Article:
The correct measurement method of air quality is a highly scientifically-complex subject. This is because measuring air quality does not mean measuring only a single parameter. Rather, various gas concentrations and other parameters must be assessed through specialized equipment in order to calculate an overall air quality rating. Several environmental factors influence the measurement of air quality, such as the measurement location and nearby environmental influences. Depending on the measurement technology used, cross-sensitivities, sensor aging, signal drift, and other factors can also play a role.
Cloud-enabled air quality sensors allow for automated calibration
Traditional air quality measurement stations typically require regular maintenance by qualified technicians every one to two weeks. This is sufficient for small air quality monitoring networks, like the 15 monitoring sites maintained by the city of Hamburg, but it is unsustainable for larger networks run by cost-effective air quality sensors. Regular on-site maintenance of dozens or even hundreds of air quality sensors is practically impossible. In addition, the measurement data of traditional air monitoring networks is only available after extensive testing – often weeks or even months later. This makes the administration of a large air quality network labour-intensive and inefficient.
Because of this, Breeze Technologies’ sensors are fully integrated with our proprietary Environmental Intelligence Cloud: this allows for air quality data to be measured and sent to the cloud in real-time. There, the information is checked for plausibility, calibrated, quality-assured, and stored for further usage in the cloud’s analytics portal or in external dashboards and platforms through web APIs. The entire process only takes a fraction of a second, from sensor sampling to the verified dataset being available. As Haris Sefo, the Head of Science at Breeze Technologies explains: “We have moved as much of the complexity of air quality measurement as possible to the cloud, especially regarding quality assurance and data processing. This eliminates the need to have specialists on site for calibration, minimizes maintenance costs, and thus makes air quality sensors easier and more cost-effective to set-up. As a result, all necessary calibrations take place remotely via our Environmental Intelligence Cloud instead.”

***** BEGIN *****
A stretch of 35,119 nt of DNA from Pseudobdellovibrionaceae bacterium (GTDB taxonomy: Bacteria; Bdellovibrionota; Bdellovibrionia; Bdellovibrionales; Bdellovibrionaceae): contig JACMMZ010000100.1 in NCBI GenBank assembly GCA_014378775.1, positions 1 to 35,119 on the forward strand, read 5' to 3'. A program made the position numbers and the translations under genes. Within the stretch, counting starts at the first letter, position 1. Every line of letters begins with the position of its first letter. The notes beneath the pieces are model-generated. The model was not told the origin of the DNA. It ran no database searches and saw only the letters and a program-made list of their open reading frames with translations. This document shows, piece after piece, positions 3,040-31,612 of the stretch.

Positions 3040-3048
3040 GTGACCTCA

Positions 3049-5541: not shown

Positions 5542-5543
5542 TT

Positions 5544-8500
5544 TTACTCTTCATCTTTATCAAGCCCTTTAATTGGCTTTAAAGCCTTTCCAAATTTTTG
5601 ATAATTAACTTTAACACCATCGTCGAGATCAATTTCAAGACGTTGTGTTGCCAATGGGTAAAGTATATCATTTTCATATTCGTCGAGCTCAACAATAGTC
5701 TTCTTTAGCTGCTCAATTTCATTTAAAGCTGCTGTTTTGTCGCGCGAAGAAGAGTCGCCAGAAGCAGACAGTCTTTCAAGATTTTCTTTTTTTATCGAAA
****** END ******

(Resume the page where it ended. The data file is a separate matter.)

Cloud-enabled air quality sensors allow for external influences to be eliminated by artificial intelligence (AI)
Prior to installation, sensors are calibrated in Breeze Technologies’ laboratories using reference instruments in order to match with the environmental conditions of the measurement site. The fact that many data streams are gathered in a central cloud platform means that data quality can be further improved. The collected data is used to train AI models that calculate external influencing factors such as cross-sensitivities from measured data. An example: Cheaper particulate matter sensors can sometimes detect fog as fine particulates. Factors such as this can thus be taken into account in plausibility checks and real-time calibration if local weather information is available together with the measurement data.
The accuracy and reliability of our cloud-based calibration is regularly verified in customer projects and in our own reference and comparison measurements.
Cloud-enabled air quality sensors allow for constantly improving measurement networks
In the same way Tesla vehicles are constantly being upgraded with additional features and better engine performance via software updates, so are Breeze Technologies’ air quality monitoring networks constantly being improved upon. For one, measurements are becoming more accurate: the more data is available for training our AI calibration models, the better they can detect outliers and edge cases and process the data accordingly. Even completely new functions can be realized based on measurement data, such as the detection of wildfires based on changes in air quality.
All in all, the support provided by integrating cloud functions in air quality measurement results in many benefits: users of air quality sensors and data no longer have to deal with time-consuming data calibration, plausibility checks, data preparation processes and similar issues; rather, they are now able to analyze and process the data directly. Providers of smart city and other platforms also benefit from this: the processed and calibrated data can be directly integrated into these systems via standardized REST/JSON APIs. The integration of air quality data is therefore no longer a complex scientific undertaking, but an efficient, low-effort process.